2) Divide WL by 2, for the quarter arc length in the image above.   (Why divide by two for a quarter arc?   We are making only a half circle skirt, so that one quarter of the full circle will go around half your waist.   Should you choose to expand on the pattern and make a full circle skirt, then you would divide by 4.)  For me, this is 15.5" and we will call it AL (arc length).

3)  We now need to calculate the radius of this arc from the center of rotation (i.e. the fold at the top of the fabric)  which means its time for comparing the circumference of a circle to its radius.   The radius is C/(2*pi) where the circumference is four times the arc length we're using (remember, half circle skirt vs full circle math)  so, to define our terms both algebraically and with my measurements, C = 4*AL = 62 inches.  2*pi = 6.28, which means the radius R1 = 62/6.28, or 9.8 inches.   The fabric inside this circle is excess.

4) Now decide how long you want your skirt to be - this is the length from wherever you picked as your waist point to where you want it to hit your leg.  This will depend partially on personal preference and partially on the width of your fabric - your skirt can be no longer than half the full width, due to the placement of the fold.   Now, personally, I like things a bit below my knee, and  from my chosen waist point, that is 30 inches, which is defined as SL (skirt length) in the picture.  (Don't forget, SL must include your seam allowence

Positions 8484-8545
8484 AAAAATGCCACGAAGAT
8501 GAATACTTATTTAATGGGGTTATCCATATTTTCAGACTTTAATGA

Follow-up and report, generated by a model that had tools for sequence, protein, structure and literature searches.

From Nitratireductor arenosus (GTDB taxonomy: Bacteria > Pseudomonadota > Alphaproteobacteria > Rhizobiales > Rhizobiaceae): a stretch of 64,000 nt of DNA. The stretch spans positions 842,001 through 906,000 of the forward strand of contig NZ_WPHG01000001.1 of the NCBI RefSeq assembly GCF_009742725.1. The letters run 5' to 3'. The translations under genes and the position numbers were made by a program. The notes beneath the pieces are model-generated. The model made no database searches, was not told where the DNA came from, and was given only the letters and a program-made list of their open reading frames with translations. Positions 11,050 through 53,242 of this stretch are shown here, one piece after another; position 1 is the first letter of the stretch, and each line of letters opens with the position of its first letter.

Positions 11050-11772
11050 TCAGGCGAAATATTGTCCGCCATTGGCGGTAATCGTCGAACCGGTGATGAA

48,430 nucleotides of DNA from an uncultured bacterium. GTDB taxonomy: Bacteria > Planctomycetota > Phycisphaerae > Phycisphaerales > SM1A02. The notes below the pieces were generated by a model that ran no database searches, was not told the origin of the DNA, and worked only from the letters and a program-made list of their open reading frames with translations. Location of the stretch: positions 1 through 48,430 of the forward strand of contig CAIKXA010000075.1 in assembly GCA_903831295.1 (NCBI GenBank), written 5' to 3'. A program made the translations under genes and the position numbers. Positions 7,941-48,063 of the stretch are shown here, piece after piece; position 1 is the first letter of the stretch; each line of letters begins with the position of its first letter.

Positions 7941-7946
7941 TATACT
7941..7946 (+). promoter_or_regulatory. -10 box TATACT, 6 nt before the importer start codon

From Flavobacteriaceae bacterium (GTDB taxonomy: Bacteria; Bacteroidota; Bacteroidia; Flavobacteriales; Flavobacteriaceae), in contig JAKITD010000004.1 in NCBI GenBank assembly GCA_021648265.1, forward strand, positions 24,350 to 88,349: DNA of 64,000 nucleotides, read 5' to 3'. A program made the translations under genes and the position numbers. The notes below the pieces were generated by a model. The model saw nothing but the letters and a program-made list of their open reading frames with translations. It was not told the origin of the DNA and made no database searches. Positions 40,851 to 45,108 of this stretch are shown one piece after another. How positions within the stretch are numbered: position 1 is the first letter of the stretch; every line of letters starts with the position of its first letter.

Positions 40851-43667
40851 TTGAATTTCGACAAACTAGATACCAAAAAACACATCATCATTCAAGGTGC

5) Add R1 and SL and you've got your total length from the center of rotation (i.e. top of fold) now known as R2. For me, R2 =  9.8 + 30, or 39.5 inches.   (For narrower fabric, try folding it the opposite of the way it was on the bolt, so you get the full woven width in one direction, and  the length you bought in the other, which will allow a nice long skirt.)

6)  Pin a measuring tape in place at the top of the fold and mark every inch or so at lengths R1 and R2 as you rotate it from one side of the fabric to the other.   (Take a look at the red arcs in the picture - see how the smaller one lines up with R1 and the larger one lines up with R2?   You can also use bits of string that are the right length, tie chalk on the end, pull it tight and draw.)

7)  THAT IS IT for the math.  Cut it out, pop in the zipper of your choice, hem it, bind the waist-band, and you are done!

EXTRA)  Adding a more standard waistband can be achieved either with a short rectangle the length of your waist (very narrow, not much more than a binding, and best done on the bias)  or for something wider, measure the height you want it to go up your torso, the change in width between that point and your waist point and draft the band based on the arc of the original skirt.  You will not end up with full half-circle pieces, more like rounded trapezoids, but you get the general idea.   (If not, feel free to bug me and I will draw more pictures.  But I am sleepy and don't really feel like it just now.)

Instructions on how much fabric you will need here.

Sunday, January 8, 2012

Obi / Tentacle Sleeved Jacket